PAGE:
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Leveraged Trading

Workings of Leverage in Spread Betting

Turning a small percentage price move into a big percentage return is called “gearing” or “leverage.” Spread bets are leveraged products. You get leverage when you only have to put down a small amount of money to control a much bigger position.

Leverage is in essence trading with someone else’s money, thus raising the stakes. You can have a position in the market 10 times or 50 times greater (that is leverage at a ratio of 10 is to 1 or 50 is to 1). The difference is if you look at the effect that has on your profit and loss, it basically amplifies 10 times or 50 times.

All spreadbets are by their very nature leveraged, meaning that you are only required to initially deposit a small fraction of the total exposure to place a
trade (also known as margin trading).

The normal initial margin requirement for UK shares spread bets varies between 5% and 10% for the large and mid-cap stocks of the FTSE 350. Smaller stocks including those listed on Aim are generally more volatile and less liquid, which is why they often need a deposit of 25% or even 50%.

Take the example of our BP trade. Say the share price is 500p and you took a spread bet position at £10-a-point, which is equivalent to buying £5000-worth of shares.

Whereas buying £5000-worth of actual shares would involve stumping up £5000, a spread betting company might only ask you to deposit, say, £500 in order to fund the same value position with them.

Let’s assume BP’s share price then rises 11 per cent, increasing the total value of your position from £5000 to £5550. So, you’ve made a profit of £550. However, because you only put down a deposit of £500, your return is £550/£500 = 110 per cent. Not bad going, considering the share price only changed by 11 per cent!

Naturally, leverage cuts both ways. If you get it wrong, your position can get wiped out very quickly. If a share spread bet is traded on 10% margin it allows the investor to take out an exposure equivalent to ten times as many shares as they could were they to invest directly in the underlying. This means that a 10 per cent drop in BP’s share price would eat up your entire £500. To keep your position open, it would be necessary to top up your account with fresh funds.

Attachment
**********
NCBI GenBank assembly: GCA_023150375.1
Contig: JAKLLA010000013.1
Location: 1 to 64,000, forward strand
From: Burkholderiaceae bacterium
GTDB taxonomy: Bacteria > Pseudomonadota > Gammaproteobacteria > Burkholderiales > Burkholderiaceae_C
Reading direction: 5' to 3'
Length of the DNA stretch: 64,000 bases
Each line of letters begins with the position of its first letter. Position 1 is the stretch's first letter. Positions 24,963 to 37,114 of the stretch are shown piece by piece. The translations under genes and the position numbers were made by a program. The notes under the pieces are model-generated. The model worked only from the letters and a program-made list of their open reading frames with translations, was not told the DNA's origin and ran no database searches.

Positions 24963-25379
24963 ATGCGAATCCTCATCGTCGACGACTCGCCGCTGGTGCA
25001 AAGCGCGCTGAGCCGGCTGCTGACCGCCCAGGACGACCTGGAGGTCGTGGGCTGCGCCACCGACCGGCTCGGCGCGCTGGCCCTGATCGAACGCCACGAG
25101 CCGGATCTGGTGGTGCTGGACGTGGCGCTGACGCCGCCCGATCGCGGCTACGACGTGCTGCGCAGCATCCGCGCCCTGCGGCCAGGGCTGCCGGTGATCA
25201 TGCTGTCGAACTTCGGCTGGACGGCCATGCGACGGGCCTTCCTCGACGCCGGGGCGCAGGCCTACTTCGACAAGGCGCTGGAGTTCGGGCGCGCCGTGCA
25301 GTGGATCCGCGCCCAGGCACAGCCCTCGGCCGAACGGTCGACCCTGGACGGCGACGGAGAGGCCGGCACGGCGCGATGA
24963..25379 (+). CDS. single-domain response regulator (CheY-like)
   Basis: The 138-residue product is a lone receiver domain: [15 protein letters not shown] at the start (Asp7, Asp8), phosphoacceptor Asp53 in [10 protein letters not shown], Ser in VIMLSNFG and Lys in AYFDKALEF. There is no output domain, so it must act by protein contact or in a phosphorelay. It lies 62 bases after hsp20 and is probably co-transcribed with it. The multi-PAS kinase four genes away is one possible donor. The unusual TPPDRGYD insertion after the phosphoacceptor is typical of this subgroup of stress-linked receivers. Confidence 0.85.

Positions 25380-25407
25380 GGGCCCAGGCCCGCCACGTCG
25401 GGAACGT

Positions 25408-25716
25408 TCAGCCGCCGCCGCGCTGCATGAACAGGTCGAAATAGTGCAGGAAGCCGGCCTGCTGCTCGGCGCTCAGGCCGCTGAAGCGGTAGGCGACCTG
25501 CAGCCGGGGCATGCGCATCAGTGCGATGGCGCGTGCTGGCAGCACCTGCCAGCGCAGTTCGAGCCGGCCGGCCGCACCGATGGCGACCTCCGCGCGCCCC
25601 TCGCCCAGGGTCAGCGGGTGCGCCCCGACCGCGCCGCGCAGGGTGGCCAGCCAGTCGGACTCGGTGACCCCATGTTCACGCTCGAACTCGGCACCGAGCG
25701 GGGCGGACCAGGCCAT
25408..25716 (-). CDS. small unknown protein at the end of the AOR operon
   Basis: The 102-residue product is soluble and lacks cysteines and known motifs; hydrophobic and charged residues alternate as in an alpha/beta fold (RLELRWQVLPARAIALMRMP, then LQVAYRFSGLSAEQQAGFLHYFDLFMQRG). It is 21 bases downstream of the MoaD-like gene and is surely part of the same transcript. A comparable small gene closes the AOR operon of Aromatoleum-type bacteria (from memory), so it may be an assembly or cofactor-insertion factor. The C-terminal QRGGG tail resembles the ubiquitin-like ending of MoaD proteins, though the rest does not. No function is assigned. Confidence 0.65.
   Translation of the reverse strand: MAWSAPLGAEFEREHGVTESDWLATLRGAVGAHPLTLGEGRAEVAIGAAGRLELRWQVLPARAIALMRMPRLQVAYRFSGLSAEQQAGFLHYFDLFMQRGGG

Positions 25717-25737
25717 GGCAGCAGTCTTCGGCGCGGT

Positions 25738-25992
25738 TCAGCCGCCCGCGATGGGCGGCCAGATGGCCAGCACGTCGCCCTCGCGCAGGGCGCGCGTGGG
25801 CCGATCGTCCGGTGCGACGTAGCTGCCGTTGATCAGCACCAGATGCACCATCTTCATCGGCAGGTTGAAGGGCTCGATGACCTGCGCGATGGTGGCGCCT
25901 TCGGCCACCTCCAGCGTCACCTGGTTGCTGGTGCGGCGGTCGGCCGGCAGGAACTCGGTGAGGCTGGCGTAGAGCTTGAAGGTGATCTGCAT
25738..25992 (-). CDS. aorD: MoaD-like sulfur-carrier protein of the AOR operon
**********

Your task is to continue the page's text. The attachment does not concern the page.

And that’s why leverage can be dangerous. So when you utilise leverage in a scenario where the market becomes very volatile or you use leverage to average against the losing position, you run the risk of taking on much higher levels of risk than you would like to. It simply amplifies the ability to make money or lose money. As a result, it is essential to use leverage carefully. This means not taking on positions you can’t easily afford.

Profit from falls as well as rises

What if you think BP’s share price – or any other asset – is going to fall rather than rise?

With spread betting, it is just as easy to make money from something going down as it is from it going up. You simply reverse the steps you’d do for a buy trade, thereby creating a ‘short’ position.

Perhaps the FTSE 100 has rallied too far, too fast in your opinion. It currently trades at 4500 but you envisage it falling to 4000 over the next few weeks. So, you log in to your spread-betting account and “sell” the FTSE 100 – even though you don’t already have an existing ‘buy’ trade open. As a result, you have short-sold the FTSE 100.

Let’s say you are right about the FTSE, which drops to 4000 in a fortnight. To close your short position, you simply place a buy trade, which cancels out your sell trade. You thereby crystallise a profit of 500 points multiplied by the size of your trade. So, if you had placed a spread bet of £5 a point, your profit would have been £2500.

Note: Be careful and don’t whatever you do make a big bet and go off and make a cup of tea and could be a very expensive treat when you have forgotten (STUPIDLY) to put a stop-loss on 😉

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